Dave unceremoniously was allowed to become a free agent after the 1991 season, beginning a long and legendary journeyman phase to his career. To the chagrin of many Seahawks fans, he’d join one of Seattle’s division rivals- the Kansas City Chiefs. Although he’d engineer another playoff berth for the Chiefs, the franchise opted to sign Joe Montana to lead the squad in ’92. Dave would be a key backup playing with them through the 1993 campaign. Krieg played one memorable season in Detroit, backing up incumbent Scott Mitchell, posting a career high 101.7 QB rating. He’d then have less than stellar moments with the Cardinals (1995), Bears (1996), and the Tennessee Oilers (1997-1998) before retiring.
In a nod to Krieg’s stoic presence in the pocket with a porous offensive line, or his lack of awareness and small hands, Dave held the NFL career record for fumbles by a quarterback at the time of his retirement (153- since surpassed). He joined the Seahawks Ring of Honor in 2004, and briefly owned an AF2 owner of the Green Bay Blizzard. Currently he’s a motivational speaker, loves golfing and attends Seahawks events at least once a year in the Seattle area.
And with Dave Krieg- My revenge is finally complete.
To understand what I just said, you have to realize that a little over a two to three years ago, a passive aggressive collector decided to not help me- from what I understand, over the fact that I asked him what it’d cost or what he wanted in order to help me.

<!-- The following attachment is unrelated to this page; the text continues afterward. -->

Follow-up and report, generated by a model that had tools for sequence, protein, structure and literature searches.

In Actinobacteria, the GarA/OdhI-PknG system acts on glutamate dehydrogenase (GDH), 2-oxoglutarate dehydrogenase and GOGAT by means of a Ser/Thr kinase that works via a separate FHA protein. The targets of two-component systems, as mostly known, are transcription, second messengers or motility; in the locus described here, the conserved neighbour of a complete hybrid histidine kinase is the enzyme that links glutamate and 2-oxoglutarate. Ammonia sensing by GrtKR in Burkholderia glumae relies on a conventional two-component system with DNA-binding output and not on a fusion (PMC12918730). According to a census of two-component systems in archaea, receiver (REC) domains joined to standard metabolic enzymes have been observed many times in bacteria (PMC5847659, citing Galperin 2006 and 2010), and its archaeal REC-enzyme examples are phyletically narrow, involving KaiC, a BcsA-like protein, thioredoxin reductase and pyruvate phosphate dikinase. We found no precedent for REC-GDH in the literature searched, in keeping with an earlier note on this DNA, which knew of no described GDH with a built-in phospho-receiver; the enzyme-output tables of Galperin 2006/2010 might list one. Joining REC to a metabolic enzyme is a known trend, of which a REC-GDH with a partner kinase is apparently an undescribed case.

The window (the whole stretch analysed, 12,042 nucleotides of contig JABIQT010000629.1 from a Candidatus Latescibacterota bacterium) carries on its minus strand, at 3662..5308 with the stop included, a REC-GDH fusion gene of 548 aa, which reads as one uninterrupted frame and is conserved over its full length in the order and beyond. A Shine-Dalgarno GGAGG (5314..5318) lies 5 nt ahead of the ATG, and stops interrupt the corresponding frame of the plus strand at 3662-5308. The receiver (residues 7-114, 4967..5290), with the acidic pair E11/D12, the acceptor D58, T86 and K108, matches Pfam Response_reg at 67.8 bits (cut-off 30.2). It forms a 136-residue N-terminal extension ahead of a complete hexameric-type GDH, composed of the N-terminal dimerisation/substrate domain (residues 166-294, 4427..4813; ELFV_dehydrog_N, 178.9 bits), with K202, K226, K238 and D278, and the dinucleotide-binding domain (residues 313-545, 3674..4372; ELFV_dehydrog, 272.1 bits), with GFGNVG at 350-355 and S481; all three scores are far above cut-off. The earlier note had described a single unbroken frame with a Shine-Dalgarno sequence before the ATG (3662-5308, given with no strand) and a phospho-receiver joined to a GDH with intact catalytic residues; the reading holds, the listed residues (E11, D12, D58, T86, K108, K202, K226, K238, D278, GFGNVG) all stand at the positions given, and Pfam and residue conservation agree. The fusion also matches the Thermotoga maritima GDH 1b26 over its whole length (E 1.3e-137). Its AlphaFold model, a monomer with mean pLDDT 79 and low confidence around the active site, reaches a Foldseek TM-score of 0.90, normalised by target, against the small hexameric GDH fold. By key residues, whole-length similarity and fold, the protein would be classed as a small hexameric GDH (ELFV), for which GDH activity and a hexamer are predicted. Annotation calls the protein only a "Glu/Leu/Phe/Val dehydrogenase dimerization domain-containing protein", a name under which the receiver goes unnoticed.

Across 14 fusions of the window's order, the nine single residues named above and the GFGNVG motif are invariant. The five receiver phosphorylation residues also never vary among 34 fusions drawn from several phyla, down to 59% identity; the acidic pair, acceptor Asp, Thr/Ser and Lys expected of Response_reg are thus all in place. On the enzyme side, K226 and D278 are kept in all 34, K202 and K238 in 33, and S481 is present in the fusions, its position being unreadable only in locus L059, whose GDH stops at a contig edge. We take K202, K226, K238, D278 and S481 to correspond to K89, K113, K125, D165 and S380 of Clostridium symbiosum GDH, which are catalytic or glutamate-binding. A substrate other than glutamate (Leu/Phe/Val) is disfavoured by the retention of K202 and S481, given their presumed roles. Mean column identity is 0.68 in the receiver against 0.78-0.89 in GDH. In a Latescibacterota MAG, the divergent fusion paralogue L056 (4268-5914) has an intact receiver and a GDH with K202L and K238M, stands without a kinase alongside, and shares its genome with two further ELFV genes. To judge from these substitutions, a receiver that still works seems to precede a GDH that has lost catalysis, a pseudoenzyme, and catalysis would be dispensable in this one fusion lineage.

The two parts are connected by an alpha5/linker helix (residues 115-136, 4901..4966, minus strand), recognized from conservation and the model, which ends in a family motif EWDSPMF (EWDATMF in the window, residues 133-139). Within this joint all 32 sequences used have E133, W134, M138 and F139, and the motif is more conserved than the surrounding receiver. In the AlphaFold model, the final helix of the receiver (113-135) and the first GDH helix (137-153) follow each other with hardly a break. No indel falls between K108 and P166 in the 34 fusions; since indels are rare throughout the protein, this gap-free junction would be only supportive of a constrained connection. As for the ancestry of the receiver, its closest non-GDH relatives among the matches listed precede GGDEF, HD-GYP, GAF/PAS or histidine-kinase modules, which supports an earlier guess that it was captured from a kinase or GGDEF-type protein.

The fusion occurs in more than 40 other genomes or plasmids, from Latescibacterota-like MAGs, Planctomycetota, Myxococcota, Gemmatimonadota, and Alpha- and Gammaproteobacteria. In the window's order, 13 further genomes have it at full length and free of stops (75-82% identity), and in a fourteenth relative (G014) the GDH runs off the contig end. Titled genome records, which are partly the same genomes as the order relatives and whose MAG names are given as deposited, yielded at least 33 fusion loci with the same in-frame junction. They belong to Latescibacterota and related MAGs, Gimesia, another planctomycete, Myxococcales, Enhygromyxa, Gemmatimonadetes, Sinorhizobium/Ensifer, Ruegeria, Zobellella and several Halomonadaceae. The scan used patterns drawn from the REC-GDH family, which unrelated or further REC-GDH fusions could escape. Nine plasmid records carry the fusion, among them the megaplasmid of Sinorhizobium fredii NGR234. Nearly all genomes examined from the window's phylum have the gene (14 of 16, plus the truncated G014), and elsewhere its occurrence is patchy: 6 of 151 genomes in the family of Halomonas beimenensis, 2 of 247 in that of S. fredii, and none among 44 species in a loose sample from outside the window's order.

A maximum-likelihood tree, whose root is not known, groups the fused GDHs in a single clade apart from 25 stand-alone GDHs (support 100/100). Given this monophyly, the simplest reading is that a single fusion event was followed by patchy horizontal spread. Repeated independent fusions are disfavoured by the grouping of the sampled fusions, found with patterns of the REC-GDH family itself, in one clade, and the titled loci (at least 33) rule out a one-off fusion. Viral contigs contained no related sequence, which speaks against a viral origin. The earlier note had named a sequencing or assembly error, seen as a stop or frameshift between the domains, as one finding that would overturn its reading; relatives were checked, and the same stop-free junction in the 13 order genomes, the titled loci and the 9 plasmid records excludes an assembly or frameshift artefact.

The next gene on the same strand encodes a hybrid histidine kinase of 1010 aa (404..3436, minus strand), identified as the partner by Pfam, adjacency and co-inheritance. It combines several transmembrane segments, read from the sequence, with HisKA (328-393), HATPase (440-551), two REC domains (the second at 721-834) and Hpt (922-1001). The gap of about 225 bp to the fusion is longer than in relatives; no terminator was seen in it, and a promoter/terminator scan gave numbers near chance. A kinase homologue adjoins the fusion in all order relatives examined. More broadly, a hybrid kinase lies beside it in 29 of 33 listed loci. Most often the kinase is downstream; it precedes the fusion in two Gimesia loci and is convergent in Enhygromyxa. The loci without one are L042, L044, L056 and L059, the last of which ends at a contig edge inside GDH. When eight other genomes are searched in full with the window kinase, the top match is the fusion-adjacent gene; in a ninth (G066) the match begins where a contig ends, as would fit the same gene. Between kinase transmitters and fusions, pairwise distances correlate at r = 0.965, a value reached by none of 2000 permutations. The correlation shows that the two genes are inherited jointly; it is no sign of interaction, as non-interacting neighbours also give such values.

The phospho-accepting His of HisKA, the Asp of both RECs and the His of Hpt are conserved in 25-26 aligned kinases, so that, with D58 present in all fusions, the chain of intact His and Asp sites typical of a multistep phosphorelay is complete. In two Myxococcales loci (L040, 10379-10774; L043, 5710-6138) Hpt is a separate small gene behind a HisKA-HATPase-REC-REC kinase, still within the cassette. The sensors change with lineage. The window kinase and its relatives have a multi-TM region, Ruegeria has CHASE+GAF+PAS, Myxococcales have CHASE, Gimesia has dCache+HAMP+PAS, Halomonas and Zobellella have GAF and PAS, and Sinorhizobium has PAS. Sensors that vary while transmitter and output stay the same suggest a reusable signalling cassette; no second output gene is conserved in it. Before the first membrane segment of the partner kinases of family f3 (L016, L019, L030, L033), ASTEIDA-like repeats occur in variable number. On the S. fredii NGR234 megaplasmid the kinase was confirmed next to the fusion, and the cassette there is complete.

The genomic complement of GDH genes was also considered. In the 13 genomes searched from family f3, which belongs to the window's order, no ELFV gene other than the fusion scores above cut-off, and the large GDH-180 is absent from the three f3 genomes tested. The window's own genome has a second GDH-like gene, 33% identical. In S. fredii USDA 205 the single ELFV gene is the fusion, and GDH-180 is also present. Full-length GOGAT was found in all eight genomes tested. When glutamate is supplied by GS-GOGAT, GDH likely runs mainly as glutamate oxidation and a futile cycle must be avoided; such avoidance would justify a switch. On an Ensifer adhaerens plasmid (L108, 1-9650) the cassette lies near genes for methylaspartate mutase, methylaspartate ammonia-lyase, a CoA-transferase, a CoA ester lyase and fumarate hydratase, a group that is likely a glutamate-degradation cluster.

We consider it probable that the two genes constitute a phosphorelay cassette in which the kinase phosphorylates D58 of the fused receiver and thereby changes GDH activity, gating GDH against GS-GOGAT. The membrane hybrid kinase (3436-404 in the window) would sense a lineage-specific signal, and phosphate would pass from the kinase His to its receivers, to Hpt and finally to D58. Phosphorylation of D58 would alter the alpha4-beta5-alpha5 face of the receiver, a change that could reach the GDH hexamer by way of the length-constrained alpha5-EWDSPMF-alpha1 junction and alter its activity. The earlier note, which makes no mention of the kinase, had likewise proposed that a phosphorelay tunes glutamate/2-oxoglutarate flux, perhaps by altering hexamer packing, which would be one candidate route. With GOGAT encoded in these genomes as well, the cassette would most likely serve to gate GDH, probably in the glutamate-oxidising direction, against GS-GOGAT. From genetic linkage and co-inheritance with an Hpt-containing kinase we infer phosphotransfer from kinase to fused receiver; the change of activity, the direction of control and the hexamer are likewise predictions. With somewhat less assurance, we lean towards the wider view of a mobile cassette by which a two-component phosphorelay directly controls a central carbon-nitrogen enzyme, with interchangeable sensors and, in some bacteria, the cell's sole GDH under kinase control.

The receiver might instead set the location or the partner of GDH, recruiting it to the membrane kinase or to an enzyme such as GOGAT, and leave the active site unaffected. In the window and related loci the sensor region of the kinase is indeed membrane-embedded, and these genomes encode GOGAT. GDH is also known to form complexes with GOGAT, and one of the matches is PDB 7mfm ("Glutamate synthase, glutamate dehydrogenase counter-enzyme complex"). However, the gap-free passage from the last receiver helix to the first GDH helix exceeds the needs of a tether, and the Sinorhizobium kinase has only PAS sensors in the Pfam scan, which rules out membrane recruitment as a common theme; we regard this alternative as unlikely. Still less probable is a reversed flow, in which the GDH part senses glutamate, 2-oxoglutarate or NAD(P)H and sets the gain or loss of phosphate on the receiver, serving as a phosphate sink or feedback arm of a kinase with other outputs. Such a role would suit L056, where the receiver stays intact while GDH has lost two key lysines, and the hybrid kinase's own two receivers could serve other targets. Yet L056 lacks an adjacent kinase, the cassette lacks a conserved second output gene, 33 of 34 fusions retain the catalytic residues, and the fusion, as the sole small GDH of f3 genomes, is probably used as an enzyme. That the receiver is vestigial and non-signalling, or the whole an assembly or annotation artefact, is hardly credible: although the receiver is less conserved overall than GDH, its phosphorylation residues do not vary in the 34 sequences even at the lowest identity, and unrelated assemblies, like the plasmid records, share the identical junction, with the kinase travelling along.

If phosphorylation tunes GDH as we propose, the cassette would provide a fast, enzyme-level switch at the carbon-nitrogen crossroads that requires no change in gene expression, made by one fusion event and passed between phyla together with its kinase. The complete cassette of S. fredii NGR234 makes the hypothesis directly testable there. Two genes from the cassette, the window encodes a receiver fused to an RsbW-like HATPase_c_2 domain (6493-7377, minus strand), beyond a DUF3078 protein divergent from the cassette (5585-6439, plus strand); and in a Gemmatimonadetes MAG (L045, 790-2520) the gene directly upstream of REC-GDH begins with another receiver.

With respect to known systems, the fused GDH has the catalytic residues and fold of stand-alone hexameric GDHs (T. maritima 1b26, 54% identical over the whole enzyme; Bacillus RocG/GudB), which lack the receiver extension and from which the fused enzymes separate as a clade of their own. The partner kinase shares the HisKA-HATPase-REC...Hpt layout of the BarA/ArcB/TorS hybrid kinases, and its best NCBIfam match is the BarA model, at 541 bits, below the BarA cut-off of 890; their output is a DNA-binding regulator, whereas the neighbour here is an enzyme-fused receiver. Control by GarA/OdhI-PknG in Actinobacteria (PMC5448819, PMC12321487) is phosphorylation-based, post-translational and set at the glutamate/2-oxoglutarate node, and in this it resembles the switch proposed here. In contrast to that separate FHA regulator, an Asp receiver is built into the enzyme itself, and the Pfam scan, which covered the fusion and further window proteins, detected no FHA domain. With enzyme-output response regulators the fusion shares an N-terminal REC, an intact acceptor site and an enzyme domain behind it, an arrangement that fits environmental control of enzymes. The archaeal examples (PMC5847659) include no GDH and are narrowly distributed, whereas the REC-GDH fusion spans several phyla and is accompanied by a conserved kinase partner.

JustGreg initiated contact initially with me through SCN and asked me if I needed any Seahawks. I told him that I’d love to get Dave Krieg or Curt Warner on a few items, and to let me know what I needed to do make this happen. He told me he’d get back to me.
2 years later he hit me up a second time. I had forgotten about his offer. He offered it to me again to which I asked him if there was a cost associated with it, to let me know. JustGreg apparently took offense to me saying this. He then refused to help and accused me of calling him greedy. I tried to reason with him, but he became more and more obstinate, as it became painstakingly obvious he was trying to lord something over me or hold me to some collecting ethos that I clearly didn’t understand.